The Animal Health and Nutrition Intellectual Exchange Group (AH&N IEG) is a group with representation from industry, academia and the NC Biotechnology Center. It’s mission is to provide a forum for professionals (academics as well as industry) working in the Animal Health and Nutrition space to discuss topics of relevance, network with each other to build relationships and collaborations. It will also serve as a forum to identify technologies that could be spun out from universities; a forum for company executives to develop peer level relationships and company collaborations. It aims to become the core of a future cluster in RTP around Animal Health and Nutrition.
Faculty, students, postdocs and industry members with interest in animal health and nutrition are welcome.
Similar meeting format as previous years will be maintained in the 2018-2019 season. Each event will host multiple speakers centered around the event theme and allow a time for networking among attendees.
Most events run from 4:30 - 7:30 p.m. at NCBiotech, unless otherwise noted. Registration is required for all seminars. Registration is free unless otherwise noted.
Request information about monthly meeting and vendor sponsorship packages.
September 9, 2019, 4:30-7:00 p.m.
“Pets and Parasites: Diseases transmitted by fleas and ticks and their impact on animal and human health”
Fleas and ticks are the most common ectoparasites (external parasites) of dogs and cats worldwide. In addition to just being a nuisance, fleas are responsible for flea allergy dermatitis and Bartonellosis while ticks are important vectors of diseases that affect humans and animals. The geographic distribution of ticks is changing due to climate change, de-foresting, and the changing living and migrating patterns of deer, birds, and rodents. Ticks are in virtually all parts of the United States, including some urban areas, and many parts of the world. Tick-transmitted diseases include: Lyme disease, Ehrlichiosis, Anaplasmosis, Rocky Mountain Spotted Fever, Babesiosis, and Hepatozoonosis. This AH&N forum will discuss Bartonellosis as well as outline the discovery and development of molecules that treat flea and tick infestations on companion animals.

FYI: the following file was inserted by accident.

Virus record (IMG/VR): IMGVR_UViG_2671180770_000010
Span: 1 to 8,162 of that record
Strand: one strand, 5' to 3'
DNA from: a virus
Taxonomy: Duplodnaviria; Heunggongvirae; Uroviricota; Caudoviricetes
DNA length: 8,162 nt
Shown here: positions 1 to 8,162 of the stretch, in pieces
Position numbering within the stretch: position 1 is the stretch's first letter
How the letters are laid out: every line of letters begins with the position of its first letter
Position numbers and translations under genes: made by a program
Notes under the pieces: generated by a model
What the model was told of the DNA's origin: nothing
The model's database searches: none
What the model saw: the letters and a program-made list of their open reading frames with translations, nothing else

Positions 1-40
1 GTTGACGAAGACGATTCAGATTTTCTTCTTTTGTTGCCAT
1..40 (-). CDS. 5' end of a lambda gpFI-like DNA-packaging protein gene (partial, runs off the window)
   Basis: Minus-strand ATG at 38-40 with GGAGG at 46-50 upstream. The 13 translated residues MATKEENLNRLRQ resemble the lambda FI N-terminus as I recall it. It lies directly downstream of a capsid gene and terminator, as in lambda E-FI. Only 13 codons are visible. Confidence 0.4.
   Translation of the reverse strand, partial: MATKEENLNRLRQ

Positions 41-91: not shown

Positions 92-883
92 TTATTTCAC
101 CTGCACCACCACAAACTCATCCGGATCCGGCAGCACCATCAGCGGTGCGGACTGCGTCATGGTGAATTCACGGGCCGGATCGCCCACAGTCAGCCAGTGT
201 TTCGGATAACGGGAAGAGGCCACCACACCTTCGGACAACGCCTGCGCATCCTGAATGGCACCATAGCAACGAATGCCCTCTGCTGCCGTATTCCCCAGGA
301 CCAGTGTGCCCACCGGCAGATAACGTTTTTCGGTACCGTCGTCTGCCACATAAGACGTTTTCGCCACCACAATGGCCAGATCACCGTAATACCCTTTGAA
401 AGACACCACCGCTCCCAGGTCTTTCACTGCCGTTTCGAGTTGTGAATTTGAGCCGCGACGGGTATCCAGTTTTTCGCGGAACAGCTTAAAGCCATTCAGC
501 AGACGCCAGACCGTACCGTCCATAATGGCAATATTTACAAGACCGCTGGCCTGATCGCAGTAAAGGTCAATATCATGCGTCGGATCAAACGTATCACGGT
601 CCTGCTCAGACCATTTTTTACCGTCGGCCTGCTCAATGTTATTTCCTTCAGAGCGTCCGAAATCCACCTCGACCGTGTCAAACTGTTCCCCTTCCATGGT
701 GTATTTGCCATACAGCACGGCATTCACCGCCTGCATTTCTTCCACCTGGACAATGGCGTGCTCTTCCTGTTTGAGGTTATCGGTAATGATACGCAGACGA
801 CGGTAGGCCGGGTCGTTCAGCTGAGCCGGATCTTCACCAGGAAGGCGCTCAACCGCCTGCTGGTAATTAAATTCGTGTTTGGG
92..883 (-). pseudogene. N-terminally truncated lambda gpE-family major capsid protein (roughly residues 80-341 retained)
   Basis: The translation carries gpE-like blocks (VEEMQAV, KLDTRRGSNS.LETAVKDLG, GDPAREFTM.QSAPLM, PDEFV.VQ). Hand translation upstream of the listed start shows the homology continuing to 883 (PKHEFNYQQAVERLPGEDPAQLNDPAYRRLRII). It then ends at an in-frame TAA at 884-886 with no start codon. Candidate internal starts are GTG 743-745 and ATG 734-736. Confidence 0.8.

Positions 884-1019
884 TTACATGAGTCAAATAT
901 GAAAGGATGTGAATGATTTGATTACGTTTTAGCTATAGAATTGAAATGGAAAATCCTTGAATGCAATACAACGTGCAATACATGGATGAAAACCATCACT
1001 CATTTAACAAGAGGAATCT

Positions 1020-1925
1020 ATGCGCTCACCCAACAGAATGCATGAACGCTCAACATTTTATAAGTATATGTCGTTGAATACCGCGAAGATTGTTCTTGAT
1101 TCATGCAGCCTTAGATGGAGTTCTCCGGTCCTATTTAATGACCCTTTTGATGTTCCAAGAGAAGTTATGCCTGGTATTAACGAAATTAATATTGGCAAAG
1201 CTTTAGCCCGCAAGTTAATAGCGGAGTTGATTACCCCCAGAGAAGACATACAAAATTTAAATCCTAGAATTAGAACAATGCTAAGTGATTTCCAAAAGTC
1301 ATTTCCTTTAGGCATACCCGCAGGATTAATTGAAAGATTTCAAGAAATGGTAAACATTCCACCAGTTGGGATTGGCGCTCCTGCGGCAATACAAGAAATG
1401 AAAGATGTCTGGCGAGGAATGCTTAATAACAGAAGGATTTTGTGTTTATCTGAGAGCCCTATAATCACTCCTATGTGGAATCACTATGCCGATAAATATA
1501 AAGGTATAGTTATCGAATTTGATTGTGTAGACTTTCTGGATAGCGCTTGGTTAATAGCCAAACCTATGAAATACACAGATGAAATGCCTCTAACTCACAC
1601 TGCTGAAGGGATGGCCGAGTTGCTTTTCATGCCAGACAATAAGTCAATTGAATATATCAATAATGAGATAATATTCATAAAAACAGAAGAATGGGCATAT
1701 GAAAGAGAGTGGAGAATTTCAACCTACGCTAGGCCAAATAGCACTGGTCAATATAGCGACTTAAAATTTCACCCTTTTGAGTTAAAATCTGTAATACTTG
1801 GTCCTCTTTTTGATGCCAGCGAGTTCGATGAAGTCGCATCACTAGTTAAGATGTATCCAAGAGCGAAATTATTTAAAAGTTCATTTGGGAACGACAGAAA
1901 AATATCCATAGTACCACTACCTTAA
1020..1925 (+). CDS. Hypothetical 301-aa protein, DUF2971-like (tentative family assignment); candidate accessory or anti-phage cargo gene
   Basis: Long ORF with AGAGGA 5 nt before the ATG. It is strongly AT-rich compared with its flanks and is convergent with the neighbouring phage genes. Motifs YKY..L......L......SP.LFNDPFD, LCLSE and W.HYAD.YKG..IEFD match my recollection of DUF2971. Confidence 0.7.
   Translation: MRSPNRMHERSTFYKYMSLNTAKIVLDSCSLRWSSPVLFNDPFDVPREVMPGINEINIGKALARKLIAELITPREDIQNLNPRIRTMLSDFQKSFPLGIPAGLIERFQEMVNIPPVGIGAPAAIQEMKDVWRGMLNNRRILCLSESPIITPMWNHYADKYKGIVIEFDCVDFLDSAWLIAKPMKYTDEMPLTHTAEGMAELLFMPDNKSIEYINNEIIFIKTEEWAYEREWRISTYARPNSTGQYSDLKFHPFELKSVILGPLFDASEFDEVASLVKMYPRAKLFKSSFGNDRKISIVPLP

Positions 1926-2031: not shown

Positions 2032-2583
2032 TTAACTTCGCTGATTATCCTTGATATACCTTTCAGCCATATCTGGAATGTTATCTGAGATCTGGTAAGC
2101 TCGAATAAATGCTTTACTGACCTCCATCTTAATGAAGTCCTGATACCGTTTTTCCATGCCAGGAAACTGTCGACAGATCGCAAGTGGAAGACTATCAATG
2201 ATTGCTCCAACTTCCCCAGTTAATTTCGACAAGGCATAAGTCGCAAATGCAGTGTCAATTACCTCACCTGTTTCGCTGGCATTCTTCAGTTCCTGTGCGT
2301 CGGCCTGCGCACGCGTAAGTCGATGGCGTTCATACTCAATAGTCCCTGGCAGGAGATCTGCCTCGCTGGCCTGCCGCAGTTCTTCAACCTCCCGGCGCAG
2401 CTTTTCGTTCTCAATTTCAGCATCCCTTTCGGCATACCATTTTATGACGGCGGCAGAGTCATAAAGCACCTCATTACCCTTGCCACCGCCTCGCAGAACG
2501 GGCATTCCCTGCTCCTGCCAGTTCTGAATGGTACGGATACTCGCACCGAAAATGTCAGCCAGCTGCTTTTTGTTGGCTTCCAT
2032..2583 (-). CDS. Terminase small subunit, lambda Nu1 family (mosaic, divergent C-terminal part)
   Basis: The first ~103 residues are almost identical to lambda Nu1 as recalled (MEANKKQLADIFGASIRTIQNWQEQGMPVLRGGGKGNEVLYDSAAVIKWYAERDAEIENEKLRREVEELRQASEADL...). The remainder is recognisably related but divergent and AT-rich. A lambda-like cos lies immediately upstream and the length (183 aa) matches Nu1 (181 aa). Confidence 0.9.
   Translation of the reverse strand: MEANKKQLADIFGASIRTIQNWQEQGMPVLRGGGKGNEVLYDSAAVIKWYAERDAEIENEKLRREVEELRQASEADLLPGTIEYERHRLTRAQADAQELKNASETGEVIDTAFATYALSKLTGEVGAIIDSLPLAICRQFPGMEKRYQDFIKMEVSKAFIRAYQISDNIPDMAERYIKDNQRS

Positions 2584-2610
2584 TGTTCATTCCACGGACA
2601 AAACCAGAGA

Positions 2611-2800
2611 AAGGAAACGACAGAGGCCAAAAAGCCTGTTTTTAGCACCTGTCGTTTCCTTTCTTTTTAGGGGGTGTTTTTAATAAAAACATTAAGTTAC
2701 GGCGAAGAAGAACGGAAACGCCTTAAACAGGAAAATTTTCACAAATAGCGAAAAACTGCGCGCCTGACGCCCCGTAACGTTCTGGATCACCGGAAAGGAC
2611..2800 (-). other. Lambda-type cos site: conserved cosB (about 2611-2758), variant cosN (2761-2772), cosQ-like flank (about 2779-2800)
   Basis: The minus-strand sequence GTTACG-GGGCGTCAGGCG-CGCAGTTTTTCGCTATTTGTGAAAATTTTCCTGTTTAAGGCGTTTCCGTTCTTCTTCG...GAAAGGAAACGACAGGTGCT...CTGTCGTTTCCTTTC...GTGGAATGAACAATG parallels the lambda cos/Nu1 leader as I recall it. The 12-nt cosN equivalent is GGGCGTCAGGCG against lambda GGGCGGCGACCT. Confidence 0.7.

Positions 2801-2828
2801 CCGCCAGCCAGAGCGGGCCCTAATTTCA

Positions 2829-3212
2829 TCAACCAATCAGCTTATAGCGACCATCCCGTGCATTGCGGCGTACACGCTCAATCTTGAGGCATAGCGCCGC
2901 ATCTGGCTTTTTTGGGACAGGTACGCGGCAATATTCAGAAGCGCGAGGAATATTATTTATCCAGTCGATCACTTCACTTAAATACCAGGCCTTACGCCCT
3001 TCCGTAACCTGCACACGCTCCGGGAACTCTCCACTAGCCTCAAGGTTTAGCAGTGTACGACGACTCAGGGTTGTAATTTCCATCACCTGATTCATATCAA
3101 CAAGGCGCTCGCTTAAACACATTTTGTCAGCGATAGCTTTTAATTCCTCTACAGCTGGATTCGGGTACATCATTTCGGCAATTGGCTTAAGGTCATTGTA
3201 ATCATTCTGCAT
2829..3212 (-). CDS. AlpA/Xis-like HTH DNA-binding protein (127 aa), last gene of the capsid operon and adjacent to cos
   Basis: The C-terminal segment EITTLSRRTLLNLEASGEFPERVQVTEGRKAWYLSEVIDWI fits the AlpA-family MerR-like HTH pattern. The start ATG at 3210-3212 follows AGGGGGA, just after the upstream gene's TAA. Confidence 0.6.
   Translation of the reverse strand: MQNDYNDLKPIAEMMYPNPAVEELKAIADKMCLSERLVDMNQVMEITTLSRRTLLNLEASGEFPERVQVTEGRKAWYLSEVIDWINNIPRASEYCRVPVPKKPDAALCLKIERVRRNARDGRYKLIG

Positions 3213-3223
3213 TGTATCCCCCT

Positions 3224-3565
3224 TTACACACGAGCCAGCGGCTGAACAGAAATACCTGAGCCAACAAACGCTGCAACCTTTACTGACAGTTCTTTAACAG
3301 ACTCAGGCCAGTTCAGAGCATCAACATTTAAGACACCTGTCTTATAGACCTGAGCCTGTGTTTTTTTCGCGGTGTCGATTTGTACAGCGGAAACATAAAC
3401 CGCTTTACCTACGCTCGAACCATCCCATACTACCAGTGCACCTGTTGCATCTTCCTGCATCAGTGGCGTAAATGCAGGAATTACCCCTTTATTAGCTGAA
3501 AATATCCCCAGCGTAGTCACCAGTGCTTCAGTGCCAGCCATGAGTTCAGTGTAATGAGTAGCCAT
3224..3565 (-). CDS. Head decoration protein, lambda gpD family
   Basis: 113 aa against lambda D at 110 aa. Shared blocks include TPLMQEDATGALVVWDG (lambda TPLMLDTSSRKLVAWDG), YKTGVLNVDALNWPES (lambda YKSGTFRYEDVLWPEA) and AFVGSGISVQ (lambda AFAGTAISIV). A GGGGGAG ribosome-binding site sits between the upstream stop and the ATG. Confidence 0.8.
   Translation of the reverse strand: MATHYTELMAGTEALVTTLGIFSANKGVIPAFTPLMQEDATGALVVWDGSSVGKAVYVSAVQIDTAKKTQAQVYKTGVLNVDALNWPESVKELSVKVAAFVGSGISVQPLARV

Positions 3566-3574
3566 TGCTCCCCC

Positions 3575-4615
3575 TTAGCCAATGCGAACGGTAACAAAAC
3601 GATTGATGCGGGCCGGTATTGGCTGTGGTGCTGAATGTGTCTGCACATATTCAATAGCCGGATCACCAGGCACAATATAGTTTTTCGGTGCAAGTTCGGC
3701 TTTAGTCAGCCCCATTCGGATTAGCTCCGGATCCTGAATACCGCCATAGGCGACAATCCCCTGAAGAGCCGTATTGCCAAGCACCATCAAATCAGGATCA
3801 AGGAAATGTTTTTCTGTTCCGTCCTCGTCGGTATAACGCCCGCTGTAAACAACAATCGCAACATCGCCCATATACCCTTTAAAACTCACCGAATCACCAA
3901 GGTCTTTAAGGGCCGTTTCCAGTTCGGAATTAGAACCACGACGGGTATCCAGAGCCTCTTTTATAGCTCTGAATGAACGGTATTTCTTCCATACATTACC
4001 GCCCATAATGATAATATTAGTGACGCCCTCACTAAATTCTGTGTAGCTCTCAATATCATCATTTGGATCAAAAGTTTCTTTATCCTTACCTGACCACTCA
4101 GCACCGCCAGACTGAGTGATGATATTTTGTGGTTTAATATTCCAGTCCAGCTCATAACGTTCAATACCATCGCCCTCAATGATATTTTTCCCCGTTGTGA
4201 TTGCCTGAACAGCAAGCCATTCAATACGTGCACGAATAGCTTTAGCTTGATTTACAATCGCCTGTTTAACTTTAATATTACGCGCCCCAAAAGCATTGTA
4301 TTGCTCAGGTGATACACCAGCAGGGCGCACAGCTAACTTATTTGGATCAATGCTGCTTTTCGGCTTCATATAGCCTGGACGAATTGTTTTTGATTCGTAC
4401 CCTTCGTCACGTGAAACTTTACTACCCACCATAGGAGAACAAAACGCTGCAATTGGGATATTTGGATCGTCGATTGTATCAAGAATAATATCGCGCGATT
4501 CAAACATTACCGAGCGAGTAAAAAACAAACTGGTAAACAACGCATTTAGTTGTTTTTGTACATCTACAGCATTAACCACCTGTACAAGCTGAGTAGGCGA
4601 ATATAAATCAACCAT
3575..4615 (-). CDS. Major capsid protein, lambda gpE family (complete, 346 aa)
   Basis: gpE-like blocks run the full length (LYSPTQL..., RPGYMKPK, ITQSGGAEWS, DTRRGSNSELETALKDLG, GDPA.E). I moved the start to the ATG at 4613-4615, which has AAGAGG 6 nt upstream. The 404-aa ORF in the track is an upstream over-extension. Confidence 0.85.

Dr. Edward B. Breitschwerdt, NCSU
Kerrie Powell, Cambrex
November 4, 2019
“Gastrointestinal Functionality: Nutrition, Biochemistry, Microbiota and More”
Gut health is a topic widely discussed for animal as well as human welfare because optimal gastrointestinal functionality is crucial for health. Gut health informs performances as it improves feed efficiency, reduces use of antibiotics, and sustains food safety. Nutritional and managerial practices used within the food-animal agricultural system may have relevance to the challenges faced by global human health. Jack Odle will discuss the piglet agri-medical model developed in his laboratories; it is considered to be the premier model for all mammalian neonates including pediatric pre-clinical research. He will discuss the model and its use and will focus on recent work in his laboratory on prebiotic oligosaccahrides. Joan Torrent will address how gut health can be managed and animal performance maintained or enhanced in the absence of antibiotics.
Dr. Jack Odle, NCSU
Dr. Joan Torrent, Oligo Basics
January 13, 2020
March 16, 2020